When I started my physical therapy career I thought I needed to have great hands to the best in the field. I took as many continuing education courses as my company would pay for, I completed a residency program in orthopedics, obtained my OCS certificate, and I’ve been fortunate to have a job that paid me to keep up with the best available research.
What I learned through that process was that having good skills are important, but those skills mean very little if you don’t have a good heart. We know, now, that relationships are more important than protocols. What you do in the clinic matters little if you can’t show you care, and that a person’s social and psychological health is just as important as their physical health.
Thankfully, I’ve had great mentors – like my business partner Matt – who continually shows me how making a difference can change peoples lives. My mission is no longer to be the best in Physical Therapy, my new mission is to use Physical Therapy to bring out the best in people, to remind my colleagues why they became a physical therapist, and inspire others to take their skills to the people who need them most.
Graduated from Bradley University 2004 with a B.S. in Health Science with a biology Minor
Graduated from St. Ambrose University 2006 with a Doctor of Physical Therapy degree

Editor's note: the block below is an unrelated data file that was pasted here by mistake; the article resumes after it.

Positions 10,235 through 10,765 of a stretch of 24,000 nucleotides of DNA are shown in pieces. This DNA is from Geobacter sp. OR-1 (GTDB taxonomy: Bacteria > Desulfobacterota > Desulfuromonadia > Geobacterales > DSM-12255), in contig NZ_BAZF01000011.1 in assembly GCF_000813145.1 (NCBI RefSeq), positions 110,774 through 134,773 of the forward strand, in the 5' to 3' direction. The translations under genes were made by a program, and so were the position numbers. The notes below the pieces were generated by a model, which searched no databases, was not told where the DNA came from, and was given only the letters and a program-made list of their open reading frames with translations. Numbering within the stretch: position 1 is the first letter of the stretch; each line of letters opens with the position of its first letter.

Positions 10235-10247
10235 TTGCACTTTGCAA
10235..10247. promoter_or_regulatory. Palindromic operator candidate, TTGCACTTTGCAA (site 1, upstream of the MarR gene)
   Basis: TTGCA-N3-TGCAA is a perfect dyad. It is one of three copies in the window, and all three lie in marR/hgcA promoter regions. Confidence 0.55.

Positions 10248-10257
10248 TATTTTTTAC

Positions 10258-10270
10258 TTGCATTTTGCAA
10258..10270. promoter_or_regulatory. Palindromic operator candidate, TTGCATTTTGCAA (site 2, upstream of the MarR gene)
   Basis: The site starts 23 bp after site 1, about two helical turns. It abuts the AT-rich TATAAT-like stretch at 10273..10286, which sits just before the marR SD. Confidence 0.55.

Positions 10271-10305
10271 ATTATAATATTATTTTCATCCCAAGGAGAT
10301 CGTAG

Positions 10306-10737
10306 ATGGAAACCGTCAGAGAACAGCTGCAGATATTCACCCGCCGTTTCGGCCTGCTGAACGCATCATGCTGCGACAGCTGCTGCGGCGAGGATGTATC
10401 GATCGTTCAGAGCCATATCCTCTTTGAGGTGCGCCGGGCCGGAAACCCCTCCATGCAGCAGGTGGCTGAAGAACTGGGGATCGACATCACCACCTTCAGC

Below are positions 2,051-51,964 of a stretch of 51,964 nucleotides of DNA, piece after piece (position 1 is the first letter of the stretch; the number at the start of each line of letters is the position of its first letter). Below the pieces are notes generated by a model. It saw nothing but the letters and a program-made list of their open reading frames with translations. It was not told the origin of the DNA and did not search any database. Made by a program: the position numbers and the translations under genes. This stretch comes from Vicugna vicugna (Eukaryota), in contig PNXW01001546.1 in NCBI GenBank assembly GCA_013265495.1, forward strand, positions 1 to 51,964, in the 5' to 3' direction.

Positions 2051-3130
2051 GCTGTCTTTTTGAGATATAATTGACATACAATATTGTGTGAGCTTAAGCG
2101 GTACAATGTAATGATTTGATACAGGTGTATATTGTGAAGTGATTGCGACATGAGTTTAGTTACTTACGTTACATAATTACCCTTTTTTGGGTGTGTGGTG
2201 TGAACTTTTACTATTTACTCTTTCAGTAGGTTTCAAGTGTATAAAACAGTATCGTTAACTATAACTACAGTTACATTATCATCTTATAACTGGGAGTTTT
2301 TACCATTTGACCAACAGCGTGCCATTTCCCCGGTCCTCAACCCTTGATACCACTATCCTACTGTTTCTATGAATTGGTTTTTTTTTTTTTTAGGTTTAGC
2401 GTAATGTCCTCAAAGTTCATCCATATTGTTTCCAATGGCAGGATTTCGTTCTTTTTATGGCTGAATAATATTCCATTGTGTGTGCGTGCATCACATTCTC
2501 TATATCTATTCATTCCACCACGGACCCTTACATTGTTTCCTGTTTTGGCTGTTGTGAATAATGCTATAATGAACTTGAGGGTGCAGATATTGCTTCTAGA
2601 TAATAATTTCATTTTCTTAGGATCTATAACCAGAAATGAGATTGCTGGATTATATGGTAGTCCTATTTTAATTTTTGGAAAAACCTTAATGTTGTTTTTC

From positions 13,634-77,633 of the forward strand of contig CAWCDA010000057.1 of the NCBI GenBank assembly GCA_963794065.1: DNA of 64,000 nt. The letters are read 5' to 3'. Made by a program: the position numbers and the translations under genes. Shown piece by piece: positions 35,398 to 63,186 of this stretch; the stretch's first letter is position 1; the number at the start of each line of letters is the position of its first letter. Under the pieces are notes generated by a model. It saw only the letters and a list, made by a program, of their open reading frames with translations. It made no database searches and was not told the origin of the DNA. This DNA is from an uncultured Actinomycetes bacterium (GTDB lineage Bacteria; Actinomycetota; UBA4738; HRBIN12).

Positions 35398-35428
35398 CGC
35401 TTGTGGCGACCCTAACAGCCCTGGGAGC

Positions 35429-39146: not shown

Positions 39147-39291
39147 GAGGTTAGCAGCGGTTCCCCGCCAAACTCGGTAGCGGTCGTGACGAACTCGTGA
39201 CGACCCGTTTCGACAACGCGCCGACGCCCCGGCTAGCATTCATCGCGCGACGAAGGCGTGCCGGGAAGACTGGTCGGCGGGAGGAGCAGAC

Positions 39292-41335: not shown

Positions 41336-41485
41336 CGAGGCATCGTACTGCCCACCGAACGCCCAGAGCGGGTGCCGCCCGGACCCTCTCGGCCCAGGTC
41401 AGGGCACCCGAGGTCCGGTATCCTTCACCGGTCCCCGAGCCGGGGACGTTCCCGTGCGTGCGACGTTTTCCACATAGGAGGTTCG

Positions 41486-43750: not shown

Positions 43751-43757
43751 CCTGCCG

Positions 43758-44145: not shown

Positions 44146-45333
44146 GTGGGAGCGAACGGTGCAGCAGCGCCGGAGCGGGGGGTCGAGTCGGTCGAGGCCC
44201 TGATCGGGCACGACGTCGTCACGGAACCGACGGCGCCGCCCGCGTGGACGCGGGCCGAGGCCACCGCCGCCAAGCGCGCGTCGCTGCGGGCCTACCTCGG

Graduated from Drayer Physical Therapy Inc. orthopedic residency program 2009
Orthopedic clinical specialist certificate 2010
Certified MDT 2012
It became clear to me that the business of continuing education is doing more harm than good. We now have dozens of courses claiming superiority over each other, making our job more confusing, and doing little to simplify how to be a great therapist. Many companies are cherry picking research to make their courses more marketable, but few are taking a realistic look at research and challenging other therapists to think differently.
Muhammad Ali said it best: Service to others is the rent you pay for your room here on earth.
Have you ever seen anyone having a bad day when they are being charitable? Me either.
Music is a passion of mine. I’m a drummer by trade, but keep trying to pretend I can play guitar.
I believe shoes, belts, and ties are a waste of time and money.
Most people consider food, shelter, and clothing as basic necessities. For me its food, shelter, and humor…clothing optional.
Who you are speaks so loudly, I can’t hear what you’re saying.